There's an awful lot of fluff in tonight's prime-time lineup, so tread carefully.
* "Baywatch" (6 p.m.-7 p.m., WNUV, Channel 54) -- Mary Lou Retton helps the gang organize a Special Olympics event. I bet she smiles a lot and is perky as all get out.
* "Stars in the Making" (9 p.m.-10 p.m., WJZ, Channel 13) -- As fluff, I suppose this is entertaining enough, and it's fun seeing Jodie Foster, Jane Seymour, Candice Bergen, Nicholas Cage, Kurt Russell and others in their formative stages. My recommendation: rent "Fast Times at Ridgemont High." You'll see a slew of the stars appearing on this special (several in scenes lifted from this film) and the movie's a winner. CBS.
* "People Yearbook '95" (10 p.m.-11 p.m., WJZ, Channel 13) -- Find out the latest "Sexiest Man Alive." Watch interviews with Courteney Cox, Mary Tyler Moore, Nicole Kidman and Hillary Rodham Clinton. Wonder why it is you have nothing better to do. CBS.
* "Christmas in Washington" (10 p.m.-11 p.m., WBAL, Channel 11) -- Watch the Clintons celebrate Christmas with Gloria Estefan, Al Green, Clint Black and others -- at the same time Mrs. Clinton is being interviewed over on CBS. Hillary competing against herself? Wonder who will win. NBC.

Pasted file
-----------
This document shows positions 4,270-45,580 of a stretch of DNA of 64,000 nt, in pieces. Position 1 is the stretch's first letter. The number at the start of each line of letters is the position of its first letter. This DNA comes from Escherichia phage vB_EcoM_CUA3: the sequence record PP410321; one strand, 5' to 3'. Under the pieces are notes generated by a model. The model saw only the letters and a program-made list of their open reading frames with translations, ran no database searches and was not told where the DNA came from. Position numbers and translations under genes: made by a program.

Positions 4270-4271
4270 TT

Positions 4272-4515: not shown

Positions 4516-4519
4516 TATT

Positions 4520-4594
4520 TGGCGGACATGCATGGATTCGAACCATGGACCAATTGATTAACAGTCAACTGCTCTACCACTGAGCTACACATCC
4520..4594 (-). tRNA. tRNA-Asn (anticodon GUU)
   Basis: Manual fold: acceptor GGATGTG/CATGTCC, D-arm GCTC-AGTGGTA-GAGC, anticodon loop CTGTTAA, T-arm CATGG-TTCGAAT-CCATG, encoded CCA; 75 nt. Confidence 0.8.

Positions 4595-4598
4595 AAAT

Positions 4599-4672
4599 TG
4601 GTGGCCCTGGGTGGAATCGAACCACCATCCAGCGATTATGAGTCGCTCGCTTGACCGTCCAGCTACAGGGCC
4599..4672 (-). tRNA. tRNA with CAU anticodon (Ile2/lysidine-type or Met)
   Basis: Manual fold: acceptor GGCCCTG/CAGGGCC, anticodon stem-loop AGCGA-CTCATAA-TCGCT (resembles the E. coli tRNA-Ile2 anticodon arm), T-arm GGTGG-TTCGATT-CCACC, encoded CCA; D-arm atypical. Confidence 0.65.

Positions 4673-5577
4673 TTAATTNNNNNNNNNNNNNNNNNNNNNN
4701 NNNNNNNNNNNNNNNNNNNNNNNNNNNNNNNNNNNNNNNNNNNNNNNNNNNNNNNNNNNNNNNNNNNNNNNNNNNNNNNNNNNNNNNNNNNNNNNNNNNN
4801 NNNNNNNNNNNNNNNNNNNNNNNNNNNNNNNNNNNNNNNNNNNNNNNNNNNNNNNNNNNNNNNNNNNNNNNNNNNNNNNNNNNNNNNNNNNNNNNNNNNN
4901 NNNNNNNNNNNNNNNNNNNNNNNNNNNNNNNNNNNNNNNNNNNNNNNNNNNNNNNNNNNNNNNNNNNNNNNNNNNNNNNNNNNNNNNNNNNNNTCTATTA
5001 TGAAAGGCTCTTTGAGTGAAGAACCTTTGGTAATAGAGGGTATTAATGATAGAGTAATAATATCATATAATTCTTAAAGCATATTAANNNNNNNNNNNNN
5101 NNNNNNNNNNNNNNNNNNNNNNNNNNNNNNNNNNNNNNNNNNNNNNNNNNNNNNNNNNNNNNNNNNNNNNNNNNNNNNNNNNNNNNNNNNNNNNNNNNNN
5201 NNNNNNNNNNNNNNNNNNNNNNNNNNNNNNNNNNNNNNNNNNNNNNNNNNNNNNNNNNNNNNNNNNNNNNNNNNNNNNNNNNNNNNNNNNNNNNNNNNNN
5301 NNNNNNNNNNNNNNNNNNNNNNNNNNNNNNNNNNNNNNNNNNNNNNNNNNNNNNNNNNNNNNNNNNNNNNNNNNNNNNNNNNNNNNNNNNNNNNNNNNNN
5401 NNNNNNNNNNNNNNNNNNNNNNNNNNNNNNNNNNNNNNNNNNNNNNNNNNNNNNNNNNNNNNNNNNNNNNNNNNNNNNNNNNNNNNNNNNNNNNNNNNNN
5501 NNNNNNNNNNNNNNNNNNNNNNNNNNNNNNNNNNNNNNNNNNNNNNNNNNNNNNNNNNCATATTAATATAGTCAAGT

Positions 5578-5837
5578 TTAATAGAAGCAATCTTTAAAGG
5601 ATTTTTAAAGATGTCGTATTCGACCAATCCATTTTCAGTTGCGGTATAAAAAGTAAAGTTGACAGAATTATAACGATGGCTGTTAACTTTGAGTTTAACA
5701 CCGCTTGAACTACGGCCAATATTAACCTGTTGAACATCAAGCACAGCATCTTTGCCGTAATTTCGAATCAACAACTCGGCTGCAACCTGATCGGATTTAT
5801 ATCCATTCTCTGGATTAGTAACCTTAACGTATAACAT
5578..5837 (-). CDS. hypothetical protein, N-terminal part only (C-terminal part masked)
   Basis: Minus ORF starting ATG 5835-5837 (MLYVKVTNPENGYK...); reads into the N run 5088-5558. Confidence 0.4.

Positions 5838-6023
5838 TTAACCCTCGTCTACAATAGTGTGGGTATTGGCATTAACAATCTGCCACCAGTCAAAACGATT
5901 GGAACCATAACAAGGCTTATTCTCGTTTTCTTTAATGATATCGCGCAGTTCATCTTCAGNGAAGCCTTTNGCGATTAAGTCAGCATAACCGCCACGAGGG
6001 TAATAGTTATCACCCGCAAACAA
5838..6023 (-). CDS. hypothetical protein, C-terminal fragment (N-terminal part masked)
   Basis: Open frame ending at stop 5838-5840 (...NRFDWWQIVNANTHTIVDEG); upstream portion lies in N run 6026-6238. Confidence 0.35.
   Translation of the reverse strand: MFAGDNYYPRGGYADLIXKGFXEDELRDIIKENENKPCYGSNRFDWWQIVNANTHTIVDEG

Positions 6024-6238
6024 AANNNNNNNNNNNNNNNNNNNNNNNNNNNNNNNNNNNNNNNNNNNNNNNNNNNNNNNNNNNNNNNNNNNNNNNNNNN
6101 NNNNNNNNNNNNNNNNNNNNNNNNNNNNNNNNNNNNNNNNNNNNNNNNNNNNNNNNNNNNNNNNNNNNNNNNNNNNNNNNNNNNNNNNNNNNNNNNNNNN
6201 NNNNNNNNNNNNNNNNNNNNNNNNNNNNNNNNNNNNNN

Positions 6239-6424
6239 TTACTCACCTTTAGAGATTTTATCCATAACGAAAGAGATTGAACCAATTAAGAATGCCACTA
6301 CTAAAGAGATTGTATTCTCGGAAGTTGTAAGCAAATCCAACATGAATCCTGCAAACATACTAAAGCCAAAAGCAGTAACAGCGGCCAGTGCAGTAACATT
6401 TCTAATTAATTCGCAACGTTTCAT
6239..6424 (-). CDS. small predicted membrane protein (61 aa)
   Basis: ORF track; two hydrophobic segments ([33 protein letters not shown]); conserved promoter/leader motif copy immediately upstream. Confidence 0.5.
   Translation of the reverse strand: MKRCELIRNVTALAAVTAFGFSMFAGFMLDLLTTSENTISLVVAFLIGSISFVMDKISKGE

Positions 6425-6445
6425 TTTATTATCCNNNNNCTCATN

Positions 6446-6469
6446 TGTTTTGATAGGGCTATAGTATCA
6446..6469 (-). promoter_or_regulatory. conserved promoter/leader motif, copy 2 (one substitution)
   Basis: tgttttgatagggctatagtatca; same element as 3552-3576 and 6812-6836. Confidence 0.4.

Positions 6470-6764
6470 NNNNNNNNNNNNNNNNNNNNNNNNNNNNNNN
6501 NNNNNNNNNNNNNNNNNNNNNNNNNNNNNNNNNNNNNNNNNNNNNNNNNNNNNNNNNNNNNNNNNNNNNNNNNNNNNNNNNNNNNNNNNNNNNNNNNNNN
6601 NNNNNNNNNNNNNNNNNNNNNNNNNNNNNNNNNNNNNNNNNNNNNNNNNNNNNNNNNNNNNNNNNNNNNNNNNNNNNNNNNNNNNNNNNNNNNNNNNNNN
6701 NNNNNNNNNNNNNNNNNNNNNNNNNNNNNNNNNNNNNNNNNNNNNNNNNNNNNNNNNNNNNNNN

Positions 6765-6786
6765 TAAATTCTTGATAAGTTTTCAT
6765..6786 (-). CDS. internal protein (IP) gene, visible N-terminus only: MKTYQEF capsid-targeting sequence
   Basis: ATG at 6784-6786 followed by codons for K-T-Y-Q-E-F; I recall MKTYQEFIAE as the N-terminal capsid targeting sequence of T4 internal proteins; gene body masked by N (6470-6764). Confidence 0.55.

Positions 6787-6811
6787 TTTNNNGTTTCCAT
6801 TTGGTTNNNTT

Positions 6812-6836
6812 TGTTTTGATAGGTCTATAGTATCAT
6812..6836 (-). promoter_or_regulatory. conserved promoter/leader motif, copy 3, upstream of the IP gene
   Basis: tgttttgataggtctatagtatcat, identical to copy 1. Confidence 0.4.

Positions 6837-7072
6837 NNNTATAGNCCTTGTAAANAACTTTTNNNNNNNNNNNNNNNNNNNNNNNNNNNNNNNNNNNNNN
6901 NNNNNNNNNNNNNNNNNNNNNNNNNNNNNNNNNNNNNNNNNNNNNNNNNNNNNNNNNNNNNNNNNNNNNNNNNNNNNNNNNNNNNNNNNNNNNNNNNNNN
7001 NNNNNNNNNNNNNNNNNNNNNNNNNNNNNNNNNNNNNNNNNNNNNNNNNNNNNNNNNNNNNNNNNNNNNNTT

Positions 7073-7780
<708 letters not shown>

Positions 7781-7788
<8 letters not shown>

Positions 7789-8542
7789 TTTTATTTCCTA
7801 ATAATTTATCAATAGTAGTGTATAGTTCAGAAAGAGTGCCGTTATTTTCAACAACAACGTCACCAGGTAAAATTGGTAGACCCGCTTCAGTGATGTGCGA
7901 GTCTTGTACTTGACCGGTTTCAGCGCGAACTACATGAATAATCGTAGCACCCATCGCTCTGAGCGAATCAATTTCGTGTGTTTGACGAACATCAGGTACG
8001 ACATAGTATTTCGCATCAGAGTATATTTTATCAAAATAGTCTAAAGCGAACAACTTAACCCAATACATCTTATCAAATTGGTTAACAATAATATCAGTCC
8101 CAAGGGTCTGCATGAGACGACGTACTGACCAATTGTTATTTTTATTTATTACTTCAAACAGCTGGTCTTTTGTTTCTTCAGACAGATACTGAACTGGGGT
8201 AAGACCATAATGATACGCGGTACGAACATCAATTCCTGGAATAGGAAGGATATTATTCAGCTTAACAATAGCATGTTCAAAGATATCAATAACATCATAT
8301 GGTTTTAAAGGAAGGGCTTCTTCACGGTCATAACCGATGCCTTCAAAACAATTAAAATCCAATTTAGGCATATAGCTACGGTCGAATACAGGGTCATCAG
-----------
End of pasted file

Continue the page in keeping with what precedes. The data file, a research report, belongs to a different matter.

* "Sonja Henie: Queen of the Ice" (10 p.m.-11 p.m., MPT, Channels 22 and 67) -- Before Oksana Baiul, before Dorothy Hamill, even before Peggy Fleming, there was Sonja Henie -- an Olympic figure-skating champion from Norway who parlayed her medals into a Hollywood movie career in the 1930s and 1940s. Although little more than a curiosity today, she was a major box-office draw in her time.
* "Going My Way" (3:45 p.m.-6 p.m., AMC) -- Yes, this movie is unabashedly sentimental, as schmaltzy as they come. That doesn't make it any less watchable, and as a relic of a genre that has long since fallen from favor -- the kindly priest picture -- it's unsurpassed. Anyone who doesn't cry at the end probably doesn't have a pulse.
* "How The Grinch Stole Christmas: Special Edition" (8 p.m.-9 p.m., TNT) -- Forget that this is a Christmas classic; cartoons don't get any better. Listen as Boris Karloff breathes life into Dr. Seuss' most celebrated creation and all the Whos down in Whoville rejoice at the wonder of it all. The 30-minute film is followed by a behind-the-scenes look at its creation, with Phil Hartman as host.